“The best use of imagination is creativity. The worst use of imagination is anxiety”
I know what brought my anxiety on, and can pinpoint exactly when it started. Worrying about money, burying my head in the sand instead of facing my debt, and little by little the doubts and negative thoughts started to creep in. I’d lay in bed at night unable to sleep thinking “What will I do if something bad happens?” and play out situations in my head. People getting hurt, or me losing somebody I love. Trying to work out how I would cope with any sort of emotional trauma. Before I knew it, these thoughts had turned into episodes during the day where I felt like I just could not take a deep breath. It was almost like something was crushing my chest. A concrete block, or a bloody elephant. Then, I’d have dizzy spells and feel as if I was in a dream… or just that I was going faint/to stop breathing all together!
Next came the panic attacks. I remember collapsing on our bathroom floor once, feeling like I was going to be sick. I couldn’t see or breathe, my head was fuzzy. The fear was so intense, but I just couldn’t tell you what I was scared of. It’s crazy how one life experience can turn into an array of negative thoughts, and how much those thoughts can spiral out of control and morph into the monster that we know commonly as ‘anxiety.’
I’m writing this post because over the last couple of years I’ve worked hard on finding coping methods that don’t involve taking any medication. That’s not to say that medication is wrong – everybody is different and needs to focus on what works for them… and you can only figure that out by trying. However, there are natural methods out there and I thought I’d share my experience of what has helped me, in the hope that it can help somebody else. I don’t believe that you can ever really cure anxiety – but what you can do (with practice and lots of trial and error) is manage it.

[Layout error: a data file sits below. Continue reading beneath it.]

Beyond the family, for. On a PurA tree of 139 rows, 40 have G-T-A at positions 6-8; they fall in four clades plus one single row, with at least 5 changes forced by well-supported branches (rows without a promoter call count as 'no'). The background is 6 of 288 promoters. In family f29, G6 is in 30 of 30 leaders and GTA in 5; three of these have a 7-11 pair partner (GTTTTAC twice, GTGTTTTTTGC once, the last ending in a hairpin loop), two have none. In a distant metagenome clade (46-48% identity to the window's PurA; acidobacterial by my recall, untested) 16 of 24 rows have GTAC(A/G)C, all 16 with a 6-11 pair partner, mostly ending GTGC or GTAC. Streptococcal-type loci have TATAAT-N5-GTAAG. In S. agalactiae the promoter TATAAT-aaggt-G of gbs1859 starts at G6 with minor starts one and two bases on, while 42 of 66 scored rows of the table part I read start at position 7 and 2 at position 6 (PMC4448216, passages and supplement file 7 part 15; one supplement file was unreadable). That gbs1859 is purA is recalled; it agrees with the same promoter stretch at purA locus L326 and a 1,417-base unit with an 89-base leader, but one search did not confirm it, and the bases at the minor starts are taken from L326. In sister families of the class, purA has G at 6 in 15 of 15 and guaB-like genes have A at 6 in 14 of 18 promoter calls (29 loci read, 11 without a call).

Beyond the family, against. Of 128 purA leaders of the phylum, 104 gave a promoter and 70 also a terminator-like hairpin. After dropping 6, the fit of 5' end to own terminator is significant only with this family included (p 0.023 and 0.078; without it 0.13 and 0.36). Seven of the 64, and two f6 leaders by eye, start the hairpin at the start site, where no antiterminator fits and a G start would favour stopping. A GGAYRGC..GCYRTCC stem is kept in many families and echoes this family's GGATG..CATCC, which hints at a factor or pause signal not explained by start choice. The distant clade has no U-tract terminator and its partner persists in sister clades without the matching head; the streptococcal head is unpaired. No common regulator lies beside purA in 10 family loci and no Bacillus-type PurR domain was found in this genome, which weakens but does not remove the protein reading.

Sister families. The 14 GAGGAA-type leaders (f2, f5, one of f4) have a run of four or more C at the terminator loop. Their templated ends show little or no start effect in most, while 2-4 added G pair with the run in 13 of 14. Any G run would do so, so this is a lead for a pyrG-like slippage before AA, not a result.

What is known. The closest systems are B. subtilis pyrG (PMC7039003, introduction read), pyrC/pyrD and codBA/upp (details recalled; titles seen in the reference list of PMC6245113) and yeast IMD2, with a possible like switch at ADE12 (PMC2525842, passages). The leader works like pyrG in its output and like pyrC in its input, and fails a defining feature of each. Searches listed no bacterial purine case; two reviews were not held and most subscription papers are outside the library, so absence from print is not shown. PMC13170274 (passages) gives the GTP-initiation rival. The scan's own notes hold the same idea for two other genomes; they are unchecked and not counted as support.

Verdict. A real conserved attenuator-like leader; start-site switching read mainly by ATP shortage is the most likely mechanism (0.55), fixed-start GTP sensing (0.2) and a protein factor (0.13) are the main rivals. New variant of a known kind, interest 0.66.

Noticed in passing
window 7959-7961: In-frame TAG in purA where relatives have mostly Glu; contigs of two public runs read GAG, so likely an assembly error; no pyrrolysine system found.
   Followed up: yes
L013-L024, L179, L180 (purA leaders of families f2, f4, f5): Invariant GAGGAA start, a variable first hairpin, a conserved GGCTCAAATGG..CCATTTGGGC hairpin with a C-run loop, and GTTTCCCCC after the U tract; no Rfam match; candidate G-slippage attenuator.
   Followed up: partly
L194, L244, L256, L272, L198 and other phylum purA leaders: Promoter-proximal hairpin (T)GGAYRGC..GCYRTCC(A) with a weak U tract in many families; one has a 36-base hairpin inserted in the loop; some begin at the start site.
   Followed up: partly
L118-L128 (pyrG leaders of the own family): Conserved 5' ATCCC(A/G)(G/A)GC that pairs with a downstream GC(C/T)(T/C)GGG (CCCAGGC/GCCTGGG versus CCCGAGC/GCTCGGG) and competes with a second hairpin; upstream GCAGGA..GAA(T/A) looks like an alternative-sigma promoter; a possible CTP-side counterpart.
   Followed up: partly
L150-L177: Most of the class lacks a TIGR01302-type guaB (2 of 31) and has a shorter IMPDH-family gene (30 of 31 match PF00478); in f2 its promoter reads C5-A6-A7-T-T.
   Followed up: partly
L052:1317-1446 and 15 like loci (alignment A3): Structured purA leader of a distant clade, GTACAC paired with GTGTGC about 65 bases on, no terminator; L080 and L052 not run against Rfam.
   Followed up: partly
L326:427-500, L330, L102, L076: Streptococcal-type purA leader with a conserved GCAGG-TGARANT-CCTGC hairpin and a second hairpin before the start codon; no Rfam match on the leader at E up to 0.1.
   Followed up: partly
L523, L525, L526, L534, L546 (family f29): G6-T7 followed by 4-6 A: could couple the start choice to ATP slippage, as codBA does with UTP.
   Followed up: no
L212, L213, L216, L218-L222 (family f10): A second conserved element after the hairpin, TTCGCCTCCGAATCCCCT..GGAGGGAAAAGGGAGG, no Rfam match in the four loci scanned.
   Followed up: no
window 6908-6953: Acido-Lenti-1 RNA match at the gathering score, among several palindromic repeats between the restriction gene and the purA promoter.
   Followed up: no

In a hot bath, on your pillow before bed, or even a dab on your neck and wrist. When I was travelling a lot last year, the crushing feeling in my chest was back with a vengeance. Sometimes, I’d even unscrew the cap of the bottle and just smell it. You do get some funny looks, but I found the smell of lavender really calmed me. Using it on my pillow helped me drop off to sleep, and left the negative thoughts less time to worm their way into my head!
I read ‘The Secret’ for the first time in October 2017. If you haven’t read this book, I urge you to. Whether you believe in the law of attraction or not, the message behind every page of Rhonda Byrne’s book is pretty powerful. Thoughts multiply faster than we can possibly imagine. How often have you got out of bed feeling like crap, and everything just goes wrong for you that day. It gets progressively worse the more you think about how rubbish you’re feeling. You might spill your tea, or stub your toe… then you’ll hit a huge traffic jam on the way to work. Coincidence? Or are you so focused on how awful you’re feeling that you’re subconsciously attracting even more negativity? If you’re thinking about how anxious you are, or how worried you are… you are only attracting more anxiety and more worry. Believe me. In the book, she talks about having frequency shifters ready in your mind for when a bad thought rolls up. Something that can instantly make you happy, like a funny memory, or your favourite song. Have these ready and use it to bat off thought by thought.
There’s no phrase more empowering than ‘I am’. Grab a notepad and write down a counter to all of your fears and worries. If you constantly think “I’m in so much debt, and I never have any money” write “I am making progress with clearing my debt every day, and money flows into my life easily”
If you constantly think “I’m never going to be happy, or get rid of these feelings” write down “I have a choice to be happy. Today, I choose to be happy”. Even if you don’t feel like it at the time, writing this down and reading it back to yourself when you need to only reinforces the statement in your head.
Gratitude is another important tool to have handy when the anxious thoughts and feelings rear their ugly head. Writing down 3 things you’re grateful for in that moment, on a piece of paper, in your phone… or even just thinking of them in your head. This helped me tonnes, and I made a habit of turning every worry into me thinking about how grateful I am for that person, or that situation.
Like I said before, these tips won’t work for everyone, but I think it’s important to give them a chance. Listening to one positive audio book, or reading one book isn’t going to make your negative thoughts miraculously disappear. Helping yourself is a commitment, and sometimes it feels like it would be easier to just wallow in the worry instead. It takes a lot of effort and energy.
But do you know what else takes a lot of effort and energy? Feeling bad!
We’re blessed with choices, so choose yourself, your health and your happiness.